New Bulletproof Memorial to Emmett Till Replaces Vandalized Sign in Mississippi

A new bulletproof memorial to honor Emmett Till was unveiled in Mississippi on October 19.

The new memorial is a 500-pound bulletproof sign placed at the spot where Till was found dead in the Tallahatchie River, the same location where three previous signs were vandalized and destroyed, Patrick Weems, the Director of the Emmett Till Interpretive Center, told USA Today. Till’s family and other civil rights activists gathered at the unveiling ceremony to see the new sign.

“We understand that racial reconciliation begins by telling the truth. Our historical marker’s allow a first step towards that truth telling process. Sadly, there are still those who want to deny the events of 1955. We cannot change our past but we have a responsibility to tell our stories together so we can move forward together with a shared future.” Weems said in a statement.

Till, a Black teenager from Chicago, was visiting relatives in Mississippi in August 1955 when he stopped at Bryant’s Grocery and Meat Market. While he was there, he encountered Carolyn Bryant, a white woman. It isn’t clear if Till interacted with Bryant, but four days later, Bryant’s husband Roy and his half brother, J.W. Milam, beat, shot, and lynched the 14-year-old boy. His body was found in the Tallahatchie River and the white men involved in his death were acquitted of the murder.

Till’s mother, Mamie Till-Mobley, had her son’s casket open during his funeral to show the brutal violence her teenage son had endured. The killing of the teenager helped spark the Civil Rights Movement.

The memorial signs dedicated to Till by the Tallahatchie River have been destroyed before. When the first sign went up in 2007, it was stolen, CNN previously reported. A new sign replaced the stolen sign and in 2016, the sign dedicated to the Black 14-year-old was ruined by 317 bullet holes.

A third sign dedicated to Till replaced the bullet-riddled sign in 2018. In July, three students from the University of Mississippi were suspended from their fraternity after a photo of them surfaced on social media of the three posing with guns in front of the sign, which was covered in bullet holes. The photo was first discovered by the Mississippi Center for Investigative Reporting and ProPublica on July 25 after the image had circulated on social media platforms. It remains unclear if the students were the ones who shot at the memorial sign.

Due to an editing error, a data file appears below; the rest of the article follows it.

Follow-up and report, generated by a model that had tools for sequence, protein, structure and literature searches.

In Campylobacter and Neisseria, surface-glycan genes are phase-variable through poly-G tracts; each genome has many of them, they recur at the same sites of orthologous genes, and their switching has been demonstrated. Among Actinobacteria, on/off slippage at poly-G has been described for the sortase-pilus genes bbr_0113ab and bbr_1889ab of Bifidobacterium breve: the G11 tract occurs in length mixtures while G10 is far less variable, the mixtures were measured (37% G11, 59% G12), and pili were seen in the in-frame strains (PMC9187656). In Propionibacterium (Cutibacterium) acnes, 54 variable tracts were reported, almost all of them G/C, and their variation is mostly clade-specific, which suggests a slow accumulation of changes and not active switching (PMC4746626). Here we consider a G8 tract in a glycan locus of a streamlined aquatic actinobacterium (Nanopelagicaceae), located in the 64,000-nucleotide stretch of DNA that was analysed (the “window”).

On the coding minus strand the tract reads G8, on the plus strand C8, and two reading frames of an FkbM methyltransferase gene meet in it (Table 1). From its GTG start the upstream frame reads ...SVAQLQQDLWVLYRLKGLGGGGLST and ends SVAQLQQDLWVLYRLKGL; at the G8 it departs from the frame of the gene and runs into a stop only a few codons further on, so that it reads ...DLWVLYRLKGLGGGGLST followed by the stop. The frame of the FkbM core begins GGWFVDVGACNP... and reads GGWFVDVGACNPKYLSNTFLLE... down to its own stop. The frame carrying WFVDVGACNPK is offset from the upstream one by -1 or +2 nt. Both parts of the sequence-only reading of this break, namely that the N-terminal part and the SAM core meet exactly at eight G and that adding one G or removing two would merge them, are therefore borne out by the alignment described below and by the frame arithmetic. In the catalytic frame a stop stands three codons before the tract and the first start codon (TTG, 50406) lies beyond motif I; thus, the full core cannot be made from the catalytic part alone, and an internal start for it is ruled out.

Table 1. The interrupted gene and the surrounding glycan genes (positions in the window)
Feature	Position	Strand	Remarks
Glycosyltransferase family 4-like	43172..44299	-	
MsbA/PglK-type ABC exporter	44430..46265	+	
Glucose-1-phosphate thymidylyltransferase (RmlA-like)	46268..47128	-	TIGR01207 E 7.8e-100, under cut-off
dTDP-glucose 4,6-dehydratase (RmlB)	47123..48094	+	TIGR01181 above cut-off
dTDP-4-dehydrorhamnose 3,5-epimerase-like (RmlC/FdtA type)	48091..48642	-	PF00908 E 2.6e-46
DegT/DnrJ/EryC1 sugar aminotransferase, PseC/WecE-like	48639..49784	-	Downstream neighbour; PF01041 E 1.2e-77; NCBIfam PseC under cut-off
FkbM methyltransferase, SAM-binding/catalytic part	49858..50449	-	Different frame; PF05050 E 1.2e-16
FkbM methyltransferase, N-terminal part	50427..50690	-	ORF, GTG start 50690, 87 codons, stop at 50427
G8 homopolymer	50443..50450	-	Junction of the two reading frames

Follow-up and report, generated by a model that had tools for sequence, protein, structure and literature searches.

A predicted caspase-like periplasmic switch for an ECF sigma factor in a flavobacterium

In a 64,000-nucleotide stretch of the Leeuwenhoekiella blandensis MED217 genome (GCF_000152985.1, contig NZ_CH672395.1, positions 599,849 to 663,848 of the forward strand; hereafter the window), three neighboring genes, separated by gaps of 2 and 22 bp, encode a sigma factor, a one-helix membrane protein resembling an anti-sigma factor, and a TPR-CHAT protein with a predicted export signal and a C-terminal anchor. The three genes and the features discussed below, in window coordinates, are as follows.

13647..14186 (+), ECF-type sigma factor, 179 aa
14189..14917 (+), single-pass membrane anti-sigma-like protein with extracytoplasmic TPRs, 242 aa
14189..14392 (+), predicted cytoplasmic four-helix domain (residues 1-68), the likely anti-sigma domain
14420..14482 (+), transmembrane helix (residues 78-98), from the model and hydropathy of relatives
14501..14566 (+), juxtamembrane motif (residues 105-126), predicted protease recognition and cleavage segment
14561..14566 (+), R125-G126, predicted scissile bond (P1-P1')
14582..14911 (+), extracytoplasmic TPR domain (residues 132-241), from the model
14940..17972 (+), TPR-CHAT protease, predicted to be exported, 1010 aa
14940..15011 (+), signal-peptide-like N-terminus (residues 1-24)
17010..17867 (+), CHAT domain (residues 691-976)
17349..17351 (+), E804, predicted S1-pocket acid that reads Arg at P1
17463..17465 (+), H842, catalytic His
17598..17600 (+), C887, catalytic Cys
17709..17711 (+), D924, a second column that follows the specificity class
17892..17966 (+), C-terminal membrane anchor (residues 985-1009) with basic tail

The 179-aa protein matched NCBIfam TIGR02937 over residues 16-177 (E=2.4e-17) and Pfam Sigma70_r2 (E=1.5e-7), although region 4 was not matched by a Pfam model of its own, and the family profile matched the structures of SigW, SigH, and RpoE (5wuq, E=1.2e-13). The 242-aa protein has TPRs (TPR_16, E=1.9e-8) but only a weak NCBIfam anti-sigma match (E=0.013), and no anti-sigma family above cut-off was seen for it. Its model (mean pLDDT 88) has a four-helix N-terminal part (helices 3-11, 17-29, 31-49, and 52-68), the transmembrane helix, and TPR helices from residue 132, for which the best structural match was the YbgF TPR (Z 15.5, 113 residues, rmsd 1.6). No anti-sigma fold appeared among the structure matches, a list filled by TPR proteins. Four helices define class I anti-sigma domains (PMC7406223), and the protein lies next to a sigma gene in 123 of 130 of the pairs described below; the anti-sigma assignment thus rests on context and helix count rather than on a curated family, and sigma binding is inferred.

In a previous statement to The North Star, Rod Guajardo, the University of Mississippi spokesman, said university officials became aware of the photo in March after it was reported to the Bias Incident Response Team, which was then referred to the university’s police department. Although US Attorney Chad Lamar told the Mississippi Center for Investigative Reporting and ProPublica that the case was under investigation, Guajardo said the photo was reported to the FBI “which reported back to [University of Mississippi Police Department] that it declined to investigate further because the photo did not pose a specific threat.”

“While the image is offensive, it did not present a violation of [the] university code of conduct,” Guajardo said in the statement. “It occurred off campus and was not part of a university-affiliated event.”

Larry D. Sparks, Interim Chancellor at the university, previously wrote in a statement to The North Star that because the incident did not occur on campus there is not much the university can do.

“The incident occurred off campus, did not rise to the level of a threat per federal authorities, and was not part of any university-affiliated event. As a community of learning and a state institution, we have limits on the tools available to remedy this offensive behavior,” the statement reads.

Despite this, Jesse Lyons, the assistant executive director of the Kappa Alpha Order’s national office in Lexington, Virginia took matters into his own hands and suspended the students from the fraternity.

“The making of the photo was unrelated to any event or activity of the chapter. It is inappropriate, insensitive, and unacceptable. It does not represent our Kappa Alpha Order,” Lyons previously said in a statement to CBS News.

Till’s case is still open, according to a report in September that the Department of Justice made to Congress, which disclosed which civil rights investigations are still active. The case was reopened after the release of Timothy B. Tyson’s book titled The Blood of Emmett Till, where it stated that a key witness had lied during the case. In the book, Carolyn Bryant Donham admitted in 2008 that she had lied about Till making sexual advances toward her in the convenience store.


About the Author

Maria Perez is a breaking news writer for The North Star. She has an M.A. in Urban Reporting from the CUNY Graduate School of Journalism. She has been published in various venues, including Newsweek, Juvenile Justice Information Exchange, City Limits, and local newspapers like The Wave and The Home Reporter.